If you're seeing this message, it means we're having trouble loading external resources on our website.

If you're behind a web filter, please make sure that the domains ***.kastatic.org** and ***.kasandbox.org** are unblocked.

Main content

Current time:0:00Total duration:9:09

CCSS.Math: , , ,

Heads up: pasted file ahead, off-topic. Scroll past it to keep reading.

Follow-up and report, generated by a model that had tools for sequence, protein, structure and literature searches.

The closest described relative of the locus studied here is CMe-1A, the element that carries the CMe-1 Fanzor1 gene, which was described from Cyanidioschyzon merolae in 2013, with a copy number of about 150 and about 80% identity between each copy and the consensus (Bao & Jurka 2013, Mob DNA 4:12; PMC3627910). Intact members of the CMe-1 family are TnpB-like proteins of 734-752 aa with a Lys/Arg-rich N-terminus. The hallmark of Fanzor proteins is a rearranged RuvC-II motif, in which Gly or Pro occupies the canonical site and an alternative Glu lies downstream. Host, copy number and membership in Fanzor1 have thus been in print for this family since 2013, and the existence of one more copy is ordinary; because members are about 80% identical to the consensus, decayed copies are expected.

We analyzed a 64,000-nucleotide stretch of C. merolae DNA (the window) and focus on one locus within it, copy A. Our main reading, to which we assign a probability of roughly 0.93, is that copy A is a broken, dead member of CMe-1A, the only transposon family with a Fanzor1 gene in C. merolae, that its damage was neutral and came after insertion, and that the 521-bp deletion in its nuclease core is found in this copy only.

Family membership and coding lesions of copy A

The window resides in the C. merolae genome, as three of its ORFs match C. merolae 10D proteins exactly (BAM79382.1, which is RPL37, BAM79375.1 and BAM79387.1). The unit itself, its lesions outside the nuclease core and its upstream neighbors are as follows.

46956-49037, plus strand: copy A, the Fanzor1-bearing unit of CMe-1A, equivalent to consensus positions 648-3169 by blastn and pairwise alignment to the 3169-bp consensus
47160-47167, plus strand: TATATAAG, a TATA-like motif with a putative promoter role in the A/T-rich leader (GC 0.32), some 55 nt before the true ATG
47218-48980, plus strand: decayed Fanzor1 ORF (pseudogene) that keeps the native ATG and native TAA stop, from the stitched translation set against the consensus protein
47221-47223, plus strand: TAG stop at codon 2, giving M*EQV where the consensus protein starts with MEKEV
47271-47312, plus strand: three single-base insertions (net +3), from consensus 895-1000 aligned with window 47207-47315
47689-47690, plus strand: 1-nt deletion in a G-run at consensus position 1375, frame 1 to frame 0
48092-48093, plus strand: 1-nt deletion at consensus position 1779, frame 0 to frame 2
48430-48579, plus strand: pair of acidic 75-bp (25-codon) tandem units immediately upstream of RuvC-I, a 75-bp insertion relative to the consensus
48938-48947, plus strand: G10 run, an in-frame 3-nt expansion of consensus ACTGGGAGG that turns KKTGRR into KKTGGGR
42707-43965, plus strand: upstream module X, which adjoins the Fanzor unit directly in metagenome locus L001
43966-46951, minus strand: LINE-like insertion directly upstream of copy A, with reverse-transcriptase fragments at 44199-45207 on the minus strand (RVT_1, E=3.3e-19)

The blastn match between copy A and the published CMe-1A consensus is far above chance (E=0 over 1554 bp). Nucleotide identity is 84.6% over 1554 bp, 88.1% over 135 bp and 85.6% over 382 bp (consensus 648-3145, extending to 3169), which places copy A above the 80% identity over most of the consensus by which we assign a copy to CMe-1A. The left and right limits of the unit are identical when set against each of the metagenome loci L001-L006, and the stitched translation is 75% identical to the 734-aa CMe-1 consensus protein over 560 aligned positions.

so we have a fifth degree polynomial here P of X and we're asked to do several things first find the real roots and let's remind ourselves what roots are so roots is the same thing as a zero and they're the X values that make the polynomial equal to zero so the real roots are the X values where P of X is equal to zero so the x values that satisfy this are going to be the roots or the zeros and we want the real ones as you'll learn in the future there's also going to be imaginary roots or zeros or there might be then we want to think about how many times how many times we intercept the x axis well as we'll see however many real roots we have that's how many times we are going to intercept how many however many unique real roots we have that's however many times we're going to intercept the x axis how do I know that well let's just think about an arbitrary polynomial here so those are my axes this is the x axis that's my Y axis and let me just graph an arbitrary polynomial here so let's say it looks like that well what's going on right over here at this x value we see based on the graph of the function that P of X is going to be equal to 0 so that's going to be a root this is also going to be a root because at this x value the function is equal to 0 at this x value the function is equal to 0 at this x value the function is equal to 0 if we're on the x axis then the Y value is 0 so the function is going to be equal to 0 this is the graph of y is equal Y is equal to P of X now to sorry this P of X but I'm just drawing some arbitrary P of X so there's some x value that makes the function equal to 0 well that's going to be a point at which we are intercepting the x axis so we want to know how many times we're intercepting the x axis as well see it's going to be the same number of real roots or the same number of real zeros we have and then they want us to figure out the smallest of those X intercepts and we'll figure it out for this for this particular for this particular polynomial so let me give myself a little bit more space so let's get to it so we really want to solve P of x is equal to 0 so we really want to set that right over there equal to zero and solve this so we want to solve this equation the X values that make this equal to zero if I input them into the function I'm going to get the function equaling zero all right so the first thing that might jump out at you is that all of these terms are divisible by X so I like to factor that out from the get-go so we can rewrite this as x times X to the X to the fourth power plus nine x squared minus two x squared minus 18 is equal to zero now there's something else that you might that might have jumped out of you'd actually just jumped out at me as I was writing this down is that we have to we had to third degree terms and after we factored out an X now we have to second degree terms now it might be tempting to just add these two together and actually that it would be a completely legitimate way of trying to factor this so that we can solve this equation but instead of instead of doing it that way we might take this as a clue that maybe they want us to then maybe we can factor by grouping remember factor by grouping you split up that middle degree term and see if you can reverse the distributive property twice so let's see if we can do that can we group together these first two terms and factor something interesting out and group together these second two terms and factor something interesting out and then maybe we can factor something out after that what am I talking about well this is going to be the same thing as x times well this one actually let me write a big parenthesis here this one right over here is the same thing as I can factor out an x squared so it's going to be x squared plus sign it's going to be x squared if i factor out an x squared I'm going to get an x squared plus 9 and then over here if i factor out a let's see negative two I don't want to if i factor out a negative two I'm going to get so minus two times I'm going to get an x squared plus nine again now this is interesting because this is telling us maybe we can factor out an x squared plus nine so let me factor out x squared plus nine from to these terms and I'm going to get I'm going to get X I'll leave these big green parentheses here for now if we factor out an x squared plus nine it's going to be x squared plus nine times x squared x squared minus two x squared minus two and I gave myself a little bit too much space so let me delete that so let me delete that right over there and then close the parentheses then close the parentheses and I can actually I can even get rid of those green parentheses now if I want to optimally make this a little bit simpler so so far we've been able to factor it as x times x squared plus nine times x squared minus doing the whole point that I'm factoring this is if I can find the product of a bunch of expressions equaling zero then I could say well the product of those expressions are going to be zero if one or more of those expressions are equal to zero and I can solve for X let's see this one's completely factored if we're this one is completely factored if we're thinking about real roots this one you can view it as a difference of squares if your view is if you view two as the square root of two squared so we can rewrite this as and of course all of this is equal to zero let me just write equals equals so we could write this is equal to x times times x squared plus 9 times let's see I can factor this business into X plus the square root of two times X minus the square root of two I'm just recognizing this as a difference of squares and once again we just want to solve this hole all of this business equaling zero all of this equaling zero so how can this equal zero well any one of these expressions if I take the product and if any one of them equals zero then I'm going to get zero so X could be equal to zero X could be equal to zero and that actually gives us a root when X is equal to zero this polynomial is equal to zero and that's pretty easy to verify let's seek an x squared plus nine equals zero x-squared plus nine equals zero well if you subtract 9 from both sides you get x squared is equal to negative 9 and that's why I said there's no real solution to this so no real let me write that no real solution there is there are some imaginary solutions but no real solutions now can X plus the square root of 2 equals zero X plus the square root of two equals zero sure if we subtract square root of two from both sides you get X is equal to the negative square root of two and can X minus the square root of 2 equals zero sure you add square root of two to both sides you get X is equal to the square root of two so there we have it we have figured out our zeros X could be equal to zero P of 0 is 0 P of negative square root of 2 is 0 and P of square root of 2 is equal to 0 so those are our zeros X is their zeros are at 0 negative squares of two and positive squares of 2 and so those are going to be the three times that we intercept the x axis and what is the smallest of those intercepts well the smallest number here is a negative square root negative square root of 2 and you could tackle it the other way you could you could you could take this part right over with which part this part right over here and you could add those two middle terms and then factor in a non grouping way and I encourage you to do that but just to see that this makes sense that the zeros really are the x-intercepts I've I went to Wolfram Alpha and I graphed this this polynomial and this is what I got so this is what I got right over here so whenever if you see a fifth degree polynomial say well it might it'll have as many as five real zeros but if it has some imaginary zeros it won't have five real zeros instead this one has three and that's because the imaginary zeros which we'll talk more about in the future they come in these conjugate pairs so if you don't have five real roots the next possibility is that you're going to have three real roots and if you don't have three real roots the next possibility is going to have one real root so that's an interesting thing to think about and so here you see your three your three real roots you see your three real roots which correspond to the X values at which the function is equal to zero which is where we have our x-intercepts